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the kind of creativity that can be unlocked when people are actually working together, actually collaborating, that is going to require a whole new set of thinking, a whole new set of rules. the technology is already there. the only thing that may be lacking is us. >> facebook, twitter, alibaba, and making the russian billionaire more millions. that is coming up. we sit down with yuri milner. can it really be the next silicon valley? ♪
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>> welcome back to "bloomberg west." i am bloomberg west. hollywood celebrities walked the red carpet for the breakthrough prize, and they handed out awards to researchers focused on innovation in physics, mathematics, and science, and among the celebrities, emily chang was there. she joins us with more. emily, what was it like? >> in deed. everyone was excited about cameron diaz, and i will say our
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production team especially, but this is a $3 million prize that goes to scientists and those who discover things in the realm of physics, and these are things that you and i cannot understand. the money is donated by people like mark zuckerberg and sergey brin and others, and milner was a doctoral candidate in particle physics and then went out, and he was always disappointed that he did not pursue the physics thing with as much success as he had, and i talk to him about the prize and the progress he hopes to see and what else he hopes will be discovered. >> i think we are facing a time when there is the funding, and it goes from people. and if they are not aware of the amazing things that the scientists are doing, i think we will have a disconnect. >> you are seeing a spot, amazon, google. are they the right companies to lead the charge? can they lead innovation like einstein and marie curie? >> i think the companies that you're talking about, they are really leading the charge in applied science, but this particular day is about fundamental science. what it means is that just out of pure curiosity, people are really working, trying to
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understand how things work, and only then after many years sometimes, dozens and maybe hundreds of years it goes into technology, but the first step is really always, always driven by curiosity, and if there was no maxwell for maxwell's equations, we would not be talking about it. if you go backwards far enough, you will always find scientists, and then it is translated into technology, so this is about celebrating people who are basically the cutting edge of fundamental science and it is not because they are seeking personal rewards, but they are curious human beings.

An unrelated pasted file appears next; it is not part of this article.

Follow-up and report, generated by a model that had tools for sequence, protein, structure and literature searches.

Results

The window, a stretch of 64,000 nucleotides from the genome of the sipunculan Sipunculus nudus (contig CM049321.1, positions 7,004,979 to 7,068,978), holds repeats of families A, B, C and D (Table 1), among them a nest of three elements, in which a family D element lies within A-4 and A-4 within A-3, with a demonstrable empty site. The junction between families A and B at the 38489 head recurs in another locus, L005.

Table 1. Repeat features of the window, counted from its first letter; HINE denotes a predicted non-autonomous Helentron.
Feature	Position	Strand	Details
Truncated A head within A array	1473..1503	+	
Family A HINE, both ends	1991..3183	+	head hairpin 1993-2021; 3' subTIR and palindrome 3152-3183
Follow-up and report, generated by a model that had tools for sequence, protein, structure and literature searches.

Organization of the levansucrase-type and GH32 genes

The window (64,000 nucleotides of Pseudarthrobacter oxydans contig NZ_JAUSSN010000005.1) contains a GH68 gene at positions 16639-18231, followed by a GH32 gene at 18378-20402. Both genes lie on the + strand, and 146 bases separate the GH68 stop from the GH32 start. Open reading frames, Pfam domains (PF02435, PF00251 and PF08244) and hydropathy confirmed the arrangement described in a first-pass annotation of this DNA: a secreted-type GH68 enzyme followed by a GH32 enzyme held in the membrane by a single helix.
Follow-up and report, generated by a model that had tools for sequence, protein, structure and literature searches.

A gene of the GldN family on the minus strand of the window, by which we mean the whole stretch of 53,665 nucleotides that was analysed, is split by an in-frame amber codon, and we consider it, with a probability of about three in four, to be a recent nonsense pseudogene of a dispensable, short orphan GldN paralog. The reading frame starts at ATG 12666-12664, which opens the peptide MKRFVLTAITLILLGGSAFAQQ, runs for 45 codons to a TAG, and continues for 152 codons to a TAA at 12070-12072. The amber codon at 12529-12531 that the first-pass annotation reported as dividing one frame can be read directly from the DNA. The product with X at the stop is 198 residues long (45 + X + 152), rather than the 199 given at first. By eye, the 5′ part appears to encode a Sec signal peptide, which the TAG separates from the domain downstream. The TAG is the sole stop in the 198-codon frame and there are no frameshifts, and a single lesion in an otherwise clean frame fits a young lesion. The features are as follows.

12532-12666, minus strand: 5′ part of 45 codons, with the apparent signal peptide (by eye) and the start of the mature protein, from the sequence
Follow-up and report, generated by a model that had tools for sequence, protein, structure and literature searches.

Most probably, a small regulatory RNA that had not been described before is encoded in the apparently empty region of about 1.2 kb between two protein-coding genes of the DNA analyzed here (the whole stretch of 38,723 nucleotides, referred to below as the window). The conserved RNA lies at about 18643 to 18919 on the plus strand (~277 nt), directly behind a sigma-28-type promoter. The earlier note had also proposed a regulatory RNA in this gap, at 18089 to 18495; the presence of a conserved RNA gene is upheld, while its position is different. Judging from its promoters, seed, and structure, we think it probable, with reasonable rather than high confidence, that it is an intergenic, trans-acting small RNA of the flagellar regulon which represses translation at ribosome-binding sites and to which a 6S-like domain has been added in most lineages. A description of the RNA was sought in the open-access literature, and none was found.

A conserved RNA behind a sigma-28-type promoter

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>> out of pure curiosity, people are working day and night to find out how things work. technology. really always driven by curiosity. equation, and her without itl formula, there would not be radio waves and we would not be talking right now. enough,o backwards far you will always find the scientists who can see something early on and very much later in his translated into technology. is about celebrating those people who are the cutting edge. they are thinking about things not because they are taking
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applications or personally want recognition, but they are just curious human beings. >> now, i know you are living in silicon valley now, though you do travel a lot. what is interesting with investment when it comes to technology? silicon valley or china, where you have invested in things like alibaba? >> well i think that silicon valley is quite ahead of the game at this time. most of the innovation is coming out of silicon valley, but i think china is catching up. are a lot of the innovative companies, including ones that you have mentioned, that are changing and are paving the way to come out and innovate. >> xiaomi is raising more money. be part ofwant to the next step? how can xiaomi part of a 40 million or $50 billion company?
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all, we have never confirmed there will be a first round. is an amazing company nonetheless. -- xiaomi is an amazing company nonetheless. i think this is a subject for another time. flex one more question. if not silicon valley or china, where is next silicon valley? you are looking at europe. where is the next place. is that it isem very hard to reiterate this whole infrastructure, it is a combination of employers investors and venture capitalists, bugs, and universities. all it takes, you know, thousands of years to
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build. it also, it is a without affecting it away to create this form prescribed. it takes dozens of years to put all of these various pieces together. so i do not go over the next silicon valley is. flex builder via letter? flex and has possible, though difficult. >> another? >> it is possible, though difficult. >> there may never be another silicon valley, according to yuri milner, a billionaire tech investor, and i am here with david kirkpatrick, the founder of a company who has a bwest byte for us, a number that tells us a real lot. >> the 375 people who came here for these two days, and we just heard from three guys, and mark benioff is tomorrow, and we are so excited about it. >> ok, david, thank you. back to you. >> emily chang, thank you very
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much. enjoy the sun out there, and we will have more "bloomberg west" tomorrow. ♪ .